Freedom of the Press
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Press Freedom Score (0 = best, 100 = worst)
Legal Environment(0 = best, 30 = worst)
Political Environment(0 = best, 40 = worst)
Economic Environment(0 = best, 30 = worst)
The extraordinarily repressive political environment in Turkmenistan has gutted the very concept of media freedom in the country. All media outlets are controlled by the state, subject to stringent censorship, and frequently employed as vehicles not for the dissemination of information, but for the glorification of President Saparmurat Niyazov. State interference extends to foreign media and the Internet, severely limiting access and hindering reporting from within the country. Russia's state-run Radio Mayak was forced to stop broadcasting in Turkmenistan in 2004. Freelancers Rakhim Esenov and Ashyrguly Bayryev were detained in February and March by the National Security Ministry and told to stop reporting for Radio Free Europe/Radio Liberty (RFE/RL). RFE/RL Ashgabat correspondent Saparmurat Obezverdiyev was forced into exile in 2004 following an abduction and death threats in 2003. And Mukhamed Berdiyev, a Moscow-based correspondent for RFE/RL's Turkmen Service, was brutally beaten in Moscow in April 2004 after receiving warnings to curb his criticism of the Turkmen government.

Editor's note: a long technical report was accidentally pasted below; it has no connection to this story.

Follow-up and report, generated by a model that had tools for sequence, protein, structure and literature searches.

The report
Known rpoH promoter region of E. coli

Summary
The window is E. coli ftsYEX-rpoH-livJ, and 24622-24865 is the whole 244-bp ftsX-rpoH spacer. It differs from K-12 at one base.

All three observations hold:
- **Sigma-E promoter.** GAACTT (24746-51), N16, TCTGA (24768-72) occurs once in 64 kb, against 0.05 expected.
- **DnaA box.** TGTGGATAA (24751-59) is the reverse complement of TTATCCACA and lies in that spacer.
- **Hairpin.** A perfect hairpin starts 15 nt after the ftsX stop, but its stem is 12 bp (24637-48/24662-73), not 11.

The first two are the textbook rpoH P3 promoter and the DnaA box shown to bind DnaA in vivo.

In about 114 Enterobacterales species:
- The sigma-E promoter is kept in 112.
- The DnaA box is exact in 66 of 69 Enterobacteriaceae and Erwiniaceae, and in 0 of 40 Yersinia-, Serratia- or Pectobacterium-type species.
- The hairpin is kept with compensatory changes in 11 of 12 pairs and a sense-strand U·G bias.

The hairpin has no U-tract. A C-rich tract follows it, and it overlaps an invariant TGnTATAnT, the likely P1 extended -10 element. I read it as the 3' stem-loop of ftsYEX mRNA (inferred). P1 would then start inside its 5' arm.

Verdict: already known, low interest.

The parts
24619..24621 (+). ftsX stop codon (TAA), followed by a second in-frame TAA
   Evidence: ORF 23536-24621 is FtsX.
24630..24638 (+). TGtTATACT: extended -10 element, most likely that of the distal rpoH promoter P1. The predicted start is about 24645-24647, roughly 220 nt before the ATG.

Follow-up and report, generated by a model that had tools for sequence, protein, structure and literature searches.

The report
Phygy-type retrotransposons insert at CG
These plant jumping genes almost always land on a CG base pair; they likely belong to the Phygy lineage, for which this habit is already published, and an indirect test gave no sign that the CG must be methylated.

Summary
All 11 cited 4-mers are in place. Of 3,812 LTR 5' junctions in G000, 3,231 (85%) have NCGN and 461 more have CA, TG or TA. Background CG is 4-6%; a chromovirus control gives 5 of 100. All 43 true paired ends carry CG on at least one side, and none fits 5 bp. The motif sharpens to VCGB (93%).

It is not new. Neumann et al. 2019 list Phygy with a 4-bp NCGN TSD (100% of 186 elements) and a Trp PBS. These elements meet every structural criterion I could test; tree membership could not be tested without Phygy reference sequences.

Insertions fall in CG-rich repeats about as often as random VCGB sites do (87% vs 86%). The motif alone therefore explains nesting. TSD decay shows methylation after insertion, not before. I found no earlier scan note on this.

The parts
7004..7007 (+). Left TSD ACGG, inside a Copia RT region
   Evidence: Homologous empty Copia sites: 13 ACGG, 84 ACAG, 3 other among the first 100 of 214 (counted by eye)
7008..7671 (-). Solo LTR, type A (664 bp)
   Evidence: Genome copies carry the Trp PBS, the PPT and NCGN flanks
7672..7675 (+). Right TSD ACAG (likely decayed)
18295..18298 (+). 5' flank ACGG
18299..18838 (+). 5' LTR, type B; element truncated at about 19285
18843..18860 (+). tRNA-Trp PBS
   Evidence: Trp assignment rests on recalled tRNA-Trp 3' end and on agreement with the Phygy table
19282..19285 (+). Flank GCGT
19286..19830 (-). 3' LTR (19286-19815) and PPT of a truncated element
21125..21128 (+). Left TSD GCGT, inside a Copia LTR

A fourth television station broadcasting in several languages was launched amid much fanfare in October 2004, but the project appears to be more of a public relations stunt and does not significantly affect the media environment. Some reports indicate that despite official restrictions, individual Internet access is obtainable and satellite dishes are a common feature of city life. Nonetheless, the cost is prohibitive for the vast bulk of the population. President Niyazov's government places a premium on the media, and particularly television, as a propaganda device, as evidenced by the president's personal involvement in management shake-ups at three state-run nationwide television stations. At the same time, President Niyazov in August ordered the editorial offices of newspapers and magazines to downsize staffs and increase salaries for remaining employees by 50 percent by January 1, 2005. As in preceding years, the Turkmen government's continuing efforts in 2004 to transform the media into an adjunct of the official press service and an accomplice in a cult of personality stood as a distressing example of the state's capacity to undermine the media's core mission of informing and enlightening the population.